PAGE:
Sound Effect is your weekly tour of ideas, inspired by the place we live. The show is hosted by KPLU's Gabriel Spitzer. Each week's show explores a different theme and this week we bring you notes from “Underground.”
We begin with an underground culture on the streets of Seattle. The 1984 documentary film “Streetwise” shed light on a hidden society of children living on the downtown streets. They were doing drugs and turning tricks, but also falling in love, being bored, discovering themselves, and going through the things all kids go through. We talk with "Streetwise" director Martin Bell about making the original film, and about the follow-up on one of its main characters: “Tiny: The Life of Erin Blackwell.”
And then we meet Blackwell herself. Three decades after "Streetwise", Blackwell lives in Kirkland and still faces some of the same demons that dogged her as a 14-year-old street kid. She also still has the same warmth and humanity.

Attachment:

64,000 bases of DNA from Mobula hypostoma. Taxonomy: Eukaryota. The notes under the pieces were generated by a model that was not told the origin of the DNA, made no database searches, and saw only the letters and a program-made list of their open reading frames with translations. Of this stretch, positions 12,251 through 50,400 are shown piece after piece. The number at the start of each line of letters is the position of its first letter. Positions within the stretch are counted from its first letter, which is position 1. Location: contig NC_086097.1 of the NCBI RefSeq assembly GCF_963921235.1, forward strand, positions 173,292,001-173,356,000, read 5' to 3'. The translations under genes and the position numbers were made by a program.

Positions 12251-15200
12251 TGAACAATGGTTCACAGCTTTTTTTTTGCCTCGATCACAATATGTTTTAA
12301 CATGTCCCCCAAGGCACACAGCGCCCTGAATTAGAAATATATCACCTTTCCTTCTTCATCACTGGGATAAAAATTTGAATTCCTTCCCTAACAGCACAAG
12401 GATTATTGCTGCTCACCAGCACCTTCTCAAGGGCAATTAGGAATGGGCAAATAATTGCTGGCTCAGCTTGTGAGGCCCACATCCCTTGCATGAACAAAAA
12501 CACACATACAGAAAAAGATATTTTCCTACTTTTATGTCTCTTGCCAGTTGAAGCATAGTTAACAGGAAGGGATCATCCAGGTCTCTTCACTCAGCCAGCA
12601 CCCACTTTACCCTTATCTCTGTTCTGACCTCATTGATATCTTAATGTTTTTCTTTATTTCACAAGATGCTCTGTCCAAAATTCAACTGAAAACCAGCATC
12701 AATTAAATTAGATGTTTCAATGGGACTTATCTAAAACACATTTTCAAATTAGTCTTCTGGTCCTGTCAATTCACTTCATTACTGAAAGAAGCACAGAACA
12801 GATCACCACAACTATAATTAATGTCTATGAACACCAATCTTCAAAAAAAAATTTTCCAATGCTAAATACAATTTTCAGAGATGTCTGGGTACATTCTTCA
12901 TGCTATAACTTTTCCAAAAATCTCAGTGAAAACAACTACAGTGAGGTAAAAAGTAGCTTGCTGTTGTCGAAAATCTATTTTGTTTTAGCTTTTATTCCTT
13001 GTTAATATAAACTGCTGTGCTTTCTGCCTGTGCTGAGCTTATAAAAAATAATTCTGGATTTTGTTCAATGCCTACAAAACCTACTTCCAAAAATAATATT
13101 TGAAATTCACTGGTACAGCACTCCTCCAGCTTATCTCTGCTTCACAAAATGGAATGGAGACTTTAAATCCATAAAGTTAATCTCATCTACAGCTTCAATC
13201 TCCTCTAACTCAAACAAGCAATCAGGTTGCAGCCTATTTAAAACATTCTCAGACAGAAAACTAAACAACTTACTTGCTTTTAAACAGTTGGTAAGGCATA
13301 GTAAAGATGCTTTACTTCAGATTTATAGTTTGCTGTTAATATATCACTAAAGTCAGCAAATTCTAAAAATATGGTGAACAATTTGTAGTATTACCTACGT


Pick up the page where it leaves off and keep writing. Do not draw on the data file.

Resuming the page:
KPLU’s Paula Wissel gives us a glimpse into the Underground GI Movement, a network of subversive publications and meeting places, catering to the military, which sprung out of the antiwar movement during the Vietnam era. We learn about one particular underground newspaper published near Ft. Lewis.
We travel along with Chris DeLaurenti into the pitch-black tunnels that run beneath a mothballed nuclear power plant at Satsop, Washington. DeLaurenti is a phonographer and sound artist, and he used little more than his ears to guide him through the creepy tunnels. That recording became the audio odyssey, “To the Cooling Tower, Satsop.”
And finally, KPLU’s Jennifer Wing unfolds a tale of how three World War II aviators went down on a Greenland glacier, and how a Seattle man is hoping to go reclaim their remains. That’s in spite of the fact that the wreckage of their plane is likely buried beneath 40 feet of ice.